SpaceX Is Using These Simulations to Design the Rocket That'll Take Us to Mars
Making a brand new rocket isn't easy, but it's cheaper and faster with a simulator.
To eventually get to Mars, SpaceX is designing a totally new type of rocket engine—one that runs on methane instead of kerosene, like SpaceX's existing rockets. It's no easy task, of course, so researchers at the company have designed one of the world's most advanced combustion simulations to digitally test new designs of what will be the most powerful rocket ever created.
Methane rockets have been tested by NASA, but they haven't been used to actually go to space, let alone Mars. Designing a new rocket isn't easy, and it's really, really expensive. But it's cheaper and faster if you run through bad designs quickly using a computer simulation.
Adam Lichtl, research director at SpaceX, said it's very hard to actually look inside a combustion engine and see exactly what's happening as it's operating, so simulation is the best way to go about actually tinkering with one—it allows them to change different variables without blowing months or years of time and large sums of money by actually building the thing, which is being called "Raptor."
Lichtl and Stephen Jones spent an hour earlier this week at the NVidia's GPU Technology Conference explaining how graphic simulations of the new engine are going to one day help humans get to Mars.
The talk was quite technical, and was pitched at engineers, computer scientists, and mathematicians who might be interested in working for SpaceX (the last slide was a call for applications), but there were definitely some great visuals and some real insight into how a rocket engine gets made. Here are links to the four simulations they showed.
The simulation runs on a single graphics processor, which is like the ones that let you play computer games at high resolutions, but is presumably many times more powerful. SpaceX didn't give any specifications for the chip, but said the simulator itself was built by SpaceX from the ground up to be able to examine every aspect of combustion, including thermodynamics, chemistry, diffusion of energy, and advection (the transfer of heat through the atmosphere).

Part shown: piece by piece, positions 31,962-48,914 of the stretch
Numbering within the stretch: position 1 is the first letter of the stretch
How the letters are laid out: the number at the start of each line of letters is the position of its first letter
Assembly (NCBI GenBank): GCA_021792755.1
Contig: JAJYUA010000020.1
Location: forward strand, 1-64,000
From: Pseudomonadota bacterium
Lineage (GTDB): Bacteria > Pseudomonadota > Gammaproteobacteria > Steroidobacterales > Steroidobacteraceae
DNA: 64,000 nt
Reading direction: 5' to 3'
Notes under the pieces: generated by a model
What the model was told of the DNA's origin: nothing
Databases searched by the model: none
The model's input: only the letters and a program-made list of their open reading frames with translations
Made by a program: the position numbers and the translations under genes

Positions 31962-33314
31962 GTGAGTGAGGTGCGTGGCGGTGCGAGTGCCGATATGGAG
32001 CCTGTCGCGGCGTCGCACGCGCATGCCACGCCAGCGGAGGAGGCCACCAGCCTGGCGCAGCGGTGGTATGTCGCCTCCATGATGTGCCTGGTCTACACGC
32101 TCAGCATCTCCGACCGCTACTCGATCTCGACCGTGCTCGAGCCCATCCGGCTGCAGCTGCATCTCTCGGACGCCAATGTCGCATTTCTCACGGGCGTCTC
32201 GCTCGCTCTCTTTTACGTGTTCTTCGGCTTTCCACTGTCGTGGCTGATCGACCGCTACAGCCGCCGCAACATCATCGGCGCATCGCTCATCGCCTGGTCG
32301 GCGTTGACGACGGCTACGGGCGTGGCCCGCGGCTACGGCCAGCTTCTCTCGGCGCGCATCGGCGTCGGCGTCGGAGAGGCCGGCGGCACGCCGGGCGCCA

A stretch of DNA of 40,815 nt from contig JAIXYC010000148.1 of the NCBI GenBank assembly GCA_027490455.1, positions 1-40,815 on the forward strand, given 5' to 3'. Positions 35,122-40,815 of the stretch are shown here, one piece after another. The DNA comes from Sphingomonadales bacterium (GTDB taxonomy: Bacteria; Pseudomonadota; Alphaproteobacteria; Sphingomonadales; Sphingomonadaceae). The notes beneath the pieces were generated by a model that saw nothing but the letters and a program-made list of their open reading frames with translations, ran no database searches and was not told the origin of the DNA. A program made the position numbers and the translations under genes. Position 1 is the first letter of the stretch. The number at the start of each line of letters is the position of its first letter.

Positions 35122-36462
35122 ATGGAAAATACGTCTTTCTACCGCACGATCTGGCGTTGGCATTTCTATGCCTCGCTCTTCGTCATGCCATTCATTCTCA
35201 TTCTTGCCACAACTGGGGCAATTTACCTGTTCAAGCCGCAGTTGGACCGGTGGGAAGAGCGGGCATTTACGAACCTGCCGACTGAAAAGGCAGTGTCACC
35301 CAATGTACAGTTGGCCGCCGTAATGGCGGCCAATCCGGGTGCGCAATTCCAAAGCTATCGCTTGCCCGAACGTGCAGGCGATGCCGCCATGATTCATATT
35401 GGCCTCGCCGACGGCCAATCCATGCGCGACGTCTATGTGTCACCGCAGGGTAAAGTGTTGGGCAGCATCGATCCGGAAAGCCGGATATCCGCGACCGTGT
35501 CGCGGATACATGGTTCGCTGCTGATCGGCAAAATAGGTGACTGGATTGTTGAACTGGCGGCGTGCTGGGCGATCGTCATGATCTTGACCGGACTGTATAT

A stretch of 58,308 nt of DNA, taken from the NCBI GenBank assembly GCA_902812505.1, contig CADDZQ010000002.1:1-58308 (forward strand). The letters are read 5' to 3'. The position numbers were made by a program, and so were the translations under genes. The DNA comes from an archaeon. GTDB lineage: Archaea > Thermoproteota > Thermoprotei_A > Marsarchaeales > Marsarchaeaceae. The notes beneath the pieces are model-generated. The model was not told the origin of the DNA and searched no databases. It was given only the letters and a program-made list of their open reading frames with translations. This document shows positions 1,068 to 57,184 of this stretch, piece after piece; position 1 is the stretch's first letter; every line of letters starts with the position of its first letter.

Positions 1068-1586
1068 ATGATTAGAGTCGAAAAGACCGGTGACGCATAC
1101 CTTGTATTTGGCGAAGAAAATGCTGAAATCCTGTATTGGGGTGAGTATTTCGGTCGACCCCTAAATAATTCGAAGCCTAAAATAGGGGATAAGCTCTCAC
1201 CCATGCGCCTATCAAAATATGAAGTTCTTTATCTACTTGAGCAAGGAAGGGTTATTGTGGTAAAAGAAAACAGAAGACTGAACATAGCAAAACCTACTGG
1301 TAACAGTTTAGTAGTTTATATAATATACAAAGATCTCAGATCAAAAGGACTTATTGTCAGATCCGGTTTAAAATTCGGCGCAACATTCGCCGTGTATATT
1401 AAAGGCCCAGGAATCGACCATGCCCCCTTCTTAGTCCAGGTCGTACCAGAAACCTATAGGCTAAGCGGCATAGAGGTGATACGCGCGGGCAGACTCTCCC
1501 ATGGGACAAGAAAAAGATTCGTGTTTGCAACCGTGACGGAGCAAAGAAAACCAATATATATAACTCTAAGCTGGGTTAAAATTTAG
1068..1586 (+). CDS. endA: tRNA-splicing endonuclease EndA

"If you're a little wrong in a traditional simulation, you're typically OK. You're close enough to the answer where you can make an engineering decision," Lichtl said. "In a combustion simulation, if you get it wrong, you have to deal with the vicious interplay and nonlinearity of all these different physical processes."
Raptor is being designed to lift the astounding amount of weight that'll be needed to eventually set up a Martian colony. NASA estimates that we'd need to take roughly 300 tons of stuff to Mars in order to establish even a rudimentary settlement, and SpaceX is planning on actually coming back to Earth once it gets to Mars, meaning the fuel needs to be made on the planet.
"We need an incredible amount of infrastructure, and you need a way to way to come back," Lichtl said. "We need a propellant we can synthesize on the Martian surface. We can synthesize methane, and we can design an engine that works efficiently with such a compound."
Few of the simulations actually look like rockets taking off through the atmosphere or even igniting, but Lichtl said they're important all the same.
"In visual effects, you fake the physics any way you can and you make it look pretty, and everyone gets excited and they love it," he said. "In research, you try to get the physics right, but it ends up looking kind of blah. Your visuals aren't as stunning and people say, 'Wait, I saw a movie the other day with a simulation, why can't you do that?'"
That said, the team has worked with experts to actually make some of the simulations, like the one of the Dragon capsule reentering the atmosphere, look like something that they can use to wow the public.
"We're able to connect better with people and engineers by having visualizations like this," he said. "And at the same time, we're retaining full fidelity of the data."